Location

Insurance is priced at the ZIP code level but regulated by state. Drivers in areas with more cars on the road face higher costs (New York). Some states require higher-than-average minimum insurance coverage, leading to more expensive premiums (Michigan). 


Why is car insurance required?

Accidents happen, and a system needs to be in place to protect vehicles and their drivers. Car insurance works to first cover the damage suffered by others and their property, but also the client's investment.

Below are examples of when car insurance is worth it:

  • If you are rear-ended and the at-fault driver totals your vehicle: the at-fault driver’s liability property damage coverage would repay you.
  • If you are a pedestrian and are hit by a car, requiring medical care: the at-fault driver’s bodily injury coverage would cover your medical payments.
  • If your vehicle is flooded after a hurricane, destroying it: your comprehensive coverage would compensate you for the totaled vehicle.

The only state in which car insurance is not required is New Hampshire. But drivers in the Granite State are still required to pay for any damages they cause.

 

Summary: what is car insurance?

Below are additional auto insurance-related topics. If you would like personalized insights from our in-house licensed insurance agents, submit a question here.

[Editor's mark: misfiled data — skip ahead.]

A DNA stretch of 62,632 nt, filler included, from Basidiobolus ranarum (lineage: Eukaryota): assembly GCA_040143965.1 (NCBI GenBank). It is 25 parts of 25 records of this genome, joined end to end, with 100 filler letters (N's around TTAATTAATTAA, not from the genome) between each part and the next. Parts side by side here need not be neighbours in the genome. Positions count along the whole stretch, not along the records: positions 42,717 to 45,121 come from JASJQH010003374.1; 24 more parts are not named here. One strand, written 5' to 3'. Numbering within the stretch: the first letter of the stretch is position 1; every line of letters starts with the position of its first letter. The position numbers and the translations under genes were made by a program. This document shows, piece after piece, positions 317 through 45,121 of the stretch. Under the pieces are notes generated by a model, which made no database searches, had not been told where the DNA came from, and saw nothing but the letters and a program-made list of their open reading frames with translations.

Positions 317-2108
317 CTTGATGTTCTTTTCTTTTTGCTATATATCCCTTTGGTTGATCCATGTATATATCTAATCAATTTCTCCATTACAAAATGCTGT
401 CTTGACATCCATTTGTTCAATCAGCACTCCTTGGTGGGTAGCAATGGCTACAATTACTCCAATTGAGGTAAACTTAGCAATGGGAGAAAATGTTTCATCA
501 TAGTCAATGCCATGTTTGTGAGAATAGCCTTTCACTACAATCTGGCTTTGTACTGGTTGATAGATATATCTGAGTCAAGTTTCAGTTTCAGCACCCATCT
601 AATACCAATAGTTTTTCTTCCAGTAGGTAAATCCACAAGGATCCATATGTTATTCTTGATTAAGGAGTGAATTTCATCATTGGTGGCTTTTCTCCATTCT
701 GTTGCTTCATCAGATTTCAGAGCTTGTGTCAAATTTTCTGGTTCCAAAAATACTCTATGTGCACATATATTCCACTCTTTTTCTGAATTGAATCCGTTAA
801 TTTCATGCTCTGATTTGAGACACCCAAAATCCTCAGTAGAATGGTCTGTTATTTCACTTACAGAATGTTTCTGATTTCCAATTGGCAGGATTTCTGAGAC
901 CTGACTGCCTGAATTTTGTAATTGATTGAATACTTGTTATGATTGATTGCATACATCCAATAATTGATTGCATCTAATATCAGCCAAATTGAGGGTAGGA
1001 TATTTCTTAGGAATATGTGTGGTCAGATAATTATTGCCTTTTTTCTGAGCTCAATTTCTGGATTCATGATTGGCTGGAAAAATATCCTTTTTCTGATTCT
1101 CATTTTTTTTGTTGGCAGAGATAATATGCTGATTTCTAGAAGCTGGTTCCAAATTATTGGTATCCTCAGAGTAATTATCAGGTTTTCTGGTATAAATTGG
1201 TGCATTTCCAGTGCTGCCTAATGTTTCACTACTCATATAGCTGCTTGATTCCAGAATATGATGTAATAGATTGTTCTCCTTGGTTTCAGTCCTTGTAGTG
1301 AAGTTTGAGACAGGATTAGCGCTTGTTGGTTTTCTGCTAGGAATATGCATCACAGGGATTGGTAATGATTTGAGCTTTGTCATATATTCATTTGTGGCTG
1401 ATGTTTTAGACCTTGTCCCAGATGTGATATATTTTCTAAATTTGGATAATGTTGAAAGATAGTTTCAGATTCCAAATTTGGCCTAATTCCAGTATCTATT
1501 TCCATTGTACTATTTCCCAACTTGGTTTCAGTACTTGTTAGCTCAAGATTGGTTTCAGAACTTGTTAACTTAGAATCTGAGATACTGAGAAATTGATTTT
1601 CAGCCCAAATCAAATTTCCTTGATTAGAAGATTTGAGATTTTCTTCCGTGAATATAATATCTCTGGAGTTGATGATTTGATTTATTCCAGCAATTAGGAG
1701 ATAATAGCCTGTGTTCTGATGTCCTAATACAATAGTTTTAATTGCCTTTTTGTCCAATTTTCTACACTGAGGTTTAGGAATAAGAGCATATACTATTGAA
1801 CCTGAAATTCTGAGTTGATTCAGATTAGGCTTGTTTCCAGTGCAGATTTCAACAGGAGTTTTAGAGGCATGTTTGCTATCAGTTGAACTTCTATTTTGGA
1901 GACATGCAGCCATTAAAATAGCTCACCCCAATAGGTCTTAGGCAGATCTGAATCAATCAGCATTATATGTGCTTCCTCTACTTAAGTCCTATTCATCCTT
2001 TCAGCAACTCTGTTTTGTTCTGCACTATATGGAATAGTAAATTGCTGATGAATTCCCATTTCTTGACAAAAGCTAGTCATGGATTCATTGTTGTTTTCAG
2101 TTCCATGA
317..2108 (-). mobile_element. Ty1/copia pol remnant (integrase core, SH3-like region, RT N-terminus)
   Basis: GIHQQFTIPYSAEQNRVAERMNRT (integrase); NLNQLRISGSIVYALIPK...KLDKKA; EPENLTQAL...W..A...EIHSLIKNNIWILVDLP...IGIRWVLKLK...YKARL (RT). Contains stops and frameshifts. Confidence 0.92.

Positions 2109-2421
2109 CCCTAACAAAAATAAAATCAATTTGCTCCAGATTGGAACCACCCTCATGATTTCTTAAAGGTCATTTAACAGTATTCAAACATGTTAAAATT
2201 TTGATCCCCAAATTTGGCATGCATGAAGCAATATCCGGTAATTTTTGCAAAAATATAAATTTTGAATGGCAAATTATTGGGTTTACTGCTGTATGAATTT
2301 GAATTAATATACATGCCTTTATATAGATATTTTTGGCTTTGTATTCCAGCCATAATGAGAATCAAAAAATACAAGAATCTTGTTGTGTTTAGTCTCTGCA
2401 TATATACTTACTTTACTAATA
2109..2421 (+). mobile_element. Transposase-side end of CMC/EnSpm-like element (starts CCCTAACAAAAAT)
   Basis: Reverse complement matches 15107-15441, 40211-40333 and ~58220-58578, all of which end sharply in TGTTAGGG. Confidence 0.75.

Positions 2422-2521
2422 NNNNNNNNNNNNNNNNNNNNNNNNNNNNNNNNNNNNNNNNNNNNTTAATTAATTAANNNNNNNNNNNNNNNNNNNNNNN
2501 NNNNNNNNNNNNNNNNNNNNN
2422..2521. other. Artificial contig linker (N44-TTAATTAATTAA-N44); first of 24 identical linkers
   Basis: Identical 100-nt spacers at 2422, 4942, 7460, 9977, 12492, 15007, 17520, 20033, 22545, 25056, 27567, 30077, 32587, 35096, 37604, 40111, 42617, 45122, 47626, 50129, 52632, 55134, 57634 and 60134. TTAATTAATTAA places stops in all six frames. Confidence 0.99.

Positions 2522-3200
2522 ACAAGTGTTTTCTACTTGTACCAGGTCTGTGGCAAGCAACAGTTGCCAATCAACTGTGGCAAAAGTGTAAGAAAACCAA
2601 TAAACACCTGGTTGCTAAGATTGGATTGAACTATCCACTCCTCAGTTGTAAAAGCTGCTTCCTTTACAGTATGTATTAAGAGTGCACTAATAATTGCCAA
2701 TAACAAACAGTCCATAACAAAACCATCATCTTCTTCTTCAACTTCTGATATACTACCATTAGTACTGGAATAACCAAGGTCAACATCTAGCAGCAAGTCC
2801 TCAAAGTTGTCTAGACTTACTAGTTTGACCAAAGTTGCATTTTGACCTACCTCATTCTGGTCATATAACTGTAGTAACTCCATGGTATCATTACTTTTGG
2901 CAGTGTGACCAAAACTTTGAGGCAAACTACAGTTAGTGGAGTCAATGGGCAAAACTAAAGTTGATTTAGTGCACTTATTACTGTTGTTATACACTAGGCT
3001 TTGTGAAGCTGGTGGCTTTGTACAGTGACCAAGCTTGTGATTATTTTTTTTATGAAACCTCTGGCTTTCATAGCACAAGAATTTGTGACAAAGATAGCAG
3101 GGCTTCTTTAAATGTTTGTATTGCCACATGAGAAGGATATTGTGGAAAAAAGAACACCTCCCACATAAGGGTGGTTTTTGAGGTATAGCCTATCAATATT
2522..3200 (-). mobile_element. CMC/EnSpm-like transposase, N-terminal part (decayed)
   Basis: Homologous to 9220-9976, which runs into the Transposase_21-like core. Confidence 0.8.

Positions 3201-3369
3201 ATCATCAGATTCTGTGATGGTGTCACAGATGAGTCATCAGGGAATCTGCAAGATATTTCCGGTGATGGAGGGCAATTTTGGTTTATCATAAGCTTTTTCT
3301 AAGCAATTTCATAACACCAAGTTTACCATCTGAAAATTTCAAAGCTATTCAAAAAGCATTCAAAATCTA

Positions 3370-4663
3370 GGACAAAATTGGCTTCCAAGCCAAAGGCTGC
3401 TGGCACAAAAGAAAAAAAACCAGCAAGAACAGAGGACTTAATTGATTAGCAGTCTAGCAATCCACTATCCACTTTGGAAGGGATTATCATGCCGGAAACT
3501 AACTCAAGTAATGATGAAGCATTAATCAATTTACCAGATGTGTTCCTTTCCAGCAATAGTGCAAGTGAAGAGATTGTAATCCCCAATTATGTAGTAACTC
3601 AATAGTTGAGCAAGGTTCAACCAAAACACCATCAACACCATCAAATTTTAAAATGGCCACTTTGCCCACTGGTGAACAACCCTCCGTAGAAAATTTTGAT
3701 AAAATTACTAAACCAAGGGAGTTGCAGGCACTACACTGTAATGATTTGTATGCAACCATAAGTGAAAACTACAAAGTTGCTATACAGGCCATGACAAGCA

Additional topics
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Recent Questions:

Can an insurance agent ask a driver if they have a disability if they think it may have contributed to a car accident?

Normally if a driver has a medical condition that makes it unsafe for them to drive, their doctor will notify the DMV and their driving privileges will be limited or revoked for safety purposes. A handful of insurance companies do require that their agents confirm or inquire about medical conditions of any drivers listed on the policy that may make them unsafe on the road.

Will homeowners insurance cover a tree falling on my house when I cut it down?

It's very likely that you will be covered, assuming that your homeowners insurance policy is active and in good standing. Each insurance company has different stipulations depending on whether you have a named-peril or open-peril insurance policy, so you'll need to contact your company to get the final word on how your policy would apply to this type of loss.

How long can you wait to file an auto insurance claim?

Each state has varying statutes on how long you have after damage occurs to file a claim. In Maryland, you actually have up to 3 years to file a property damage claim, although I would not recommend waiting that long as it can be difficult for your insurance company to properly assess the damage.

Will homeowners insurance cover a collapsing ceiling?

It really depends on what is causing the collapse of the ceiling, but it is very likely to be covered unless the collapse occurred due wear and tear or negligence. Ultimately that decision is going to be up to your homeowners insurance company based on the terms and coverage of your policy, so you will need to contact them directly the inquire about your coverage.